Across the world, it is becoming increasingly more challenging to see the shimmering glow of a night sky. So much so, that an estimated 80% of Americans can no longer see the Milky Way as a result of artificial light obscuring humanity’s view of the stars, according to a 2016 study from Science Advances.
To keep the wonder of what’s above alive, the Shenandoah National Park is hosting its Night Sky Festival for the fourth year in a row. Due to its high elevation and distance from urban areas, Shenandoah is an ideal location for stargazing on the East Coast, giving visitors the chance to see just how dark (but bright with stars!) our skies can be.
From Friday, Aug. 9 through Sunday, Aug. 11, park rangers and staff will be hosting a series of outdoor events that are as educational as they are entertaining.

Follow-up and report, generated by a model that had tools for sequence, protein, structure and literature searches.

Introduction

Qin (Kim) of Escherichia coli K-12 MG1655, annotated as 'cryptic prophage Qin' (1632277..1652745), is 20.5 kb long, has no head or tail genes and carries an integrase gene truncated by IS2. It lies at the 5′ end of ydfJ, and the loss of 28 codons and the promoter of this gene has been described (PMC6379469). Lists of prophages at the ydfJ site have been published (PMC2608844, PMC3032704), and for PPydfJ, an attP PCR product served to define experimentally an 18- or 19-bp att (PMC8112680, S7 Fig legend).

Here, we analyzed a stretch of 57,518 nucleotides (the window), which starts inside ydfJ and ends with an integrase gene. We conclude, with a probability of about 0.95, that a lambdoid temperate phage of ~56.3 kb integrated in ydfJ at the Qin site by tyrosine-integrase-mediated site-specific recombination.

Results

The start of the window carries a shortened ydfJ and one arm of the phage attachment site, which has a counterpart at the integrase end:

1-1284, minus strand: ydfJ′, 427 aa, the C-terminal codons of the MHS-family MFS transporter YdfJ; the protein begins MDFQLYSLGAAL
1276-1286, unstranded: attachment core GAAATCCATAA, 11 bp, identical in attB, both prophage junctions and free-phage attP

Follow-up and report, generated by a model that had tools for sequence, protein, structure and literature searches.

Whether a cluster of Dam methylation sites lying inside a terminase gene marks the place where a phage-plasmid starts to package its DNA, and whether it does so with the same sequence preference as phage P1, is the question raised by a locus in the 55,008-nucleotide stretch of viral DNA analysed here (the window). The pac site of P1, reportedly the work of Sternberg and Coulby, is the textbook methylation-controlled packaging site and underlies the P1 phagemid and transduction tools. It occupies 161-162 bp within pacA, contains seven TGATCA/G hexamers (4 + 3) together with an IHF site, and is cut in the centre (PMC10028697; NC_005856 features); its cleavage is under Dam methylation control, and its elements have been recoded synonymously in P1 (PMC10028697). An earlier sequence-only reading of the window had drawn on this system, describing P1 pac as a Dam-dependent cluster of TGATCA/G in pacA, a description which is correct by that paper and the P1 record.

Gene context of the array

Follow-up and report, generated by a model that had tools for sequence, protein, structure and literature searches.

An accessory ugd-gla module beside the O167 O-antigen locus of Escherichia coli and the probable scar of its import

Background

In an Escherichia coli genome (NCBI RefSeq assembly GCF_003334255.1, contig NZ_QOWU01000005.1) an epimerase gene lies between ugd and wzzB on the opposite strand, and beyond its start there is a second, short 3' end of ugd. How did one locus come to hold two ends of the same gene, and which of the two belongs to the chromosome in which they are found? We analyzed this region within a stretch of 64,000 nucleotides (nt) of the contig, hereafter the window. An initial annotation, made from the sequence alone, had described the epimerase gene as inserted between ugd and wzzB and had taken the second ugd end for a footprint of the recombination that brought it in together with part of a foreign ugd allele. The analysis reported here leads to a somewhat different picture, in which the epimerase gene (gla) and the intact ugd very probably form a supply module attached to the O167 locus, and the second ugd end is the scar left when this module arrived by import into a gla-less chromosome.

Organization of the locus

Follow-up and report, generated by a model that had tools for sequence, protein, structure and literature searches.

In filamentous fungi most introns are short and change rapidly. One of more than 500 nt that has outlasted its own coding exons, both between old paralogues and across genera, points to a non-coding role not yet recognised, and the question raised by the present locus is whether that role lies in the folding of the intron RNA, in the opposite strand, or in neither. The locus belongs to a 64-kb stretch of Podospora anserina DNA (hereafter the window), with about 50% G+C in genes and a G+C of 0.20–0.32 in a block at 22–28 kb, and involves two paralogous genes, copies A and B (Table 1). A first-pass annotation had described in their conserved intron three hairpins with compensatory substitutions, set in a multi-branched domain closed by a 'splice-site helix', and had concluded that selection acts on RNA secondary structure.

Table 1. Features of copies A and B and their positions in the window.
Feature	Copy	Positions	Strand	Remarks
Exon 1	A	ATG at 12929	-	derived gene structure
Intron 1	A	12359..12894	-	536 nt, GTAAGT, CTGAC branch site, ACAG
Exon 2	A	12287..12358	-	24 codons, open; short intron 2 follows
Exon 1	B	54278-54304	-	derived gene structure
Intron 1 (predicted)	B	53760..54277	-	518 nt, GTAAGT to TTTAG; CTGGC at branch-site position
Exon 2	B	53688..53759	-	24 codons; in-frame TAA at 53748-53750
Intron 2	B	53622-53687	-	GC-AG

This year, guests can expect several lectures by qualified presenters like park rangers, amateur astronomers, astronauts and even an employee from NASA who will discuss the latest missions to the moon. Other topics of note include discussions on our connection to the cosmos, light pollution, recent discoveries in space, technology’s impact on the dark skies and much more.
Plus, this year’s event includes various hands-on activities and demonstrations, including stargazing through telescopes, the creation of your own constellation and a virtual spaceflight led by Tom Jones, a veteran of four space shuttle missions.
If you plan on attending one of the many outdoor evening activities, park staff recommends preparing by bringing a flashlight with a red filter, dressing for cooler weather and supplying your own seats or blankets for stargazing. For the entire schedule of this year’s event, or to check on inclement weather updates, visit the National Park Services site.
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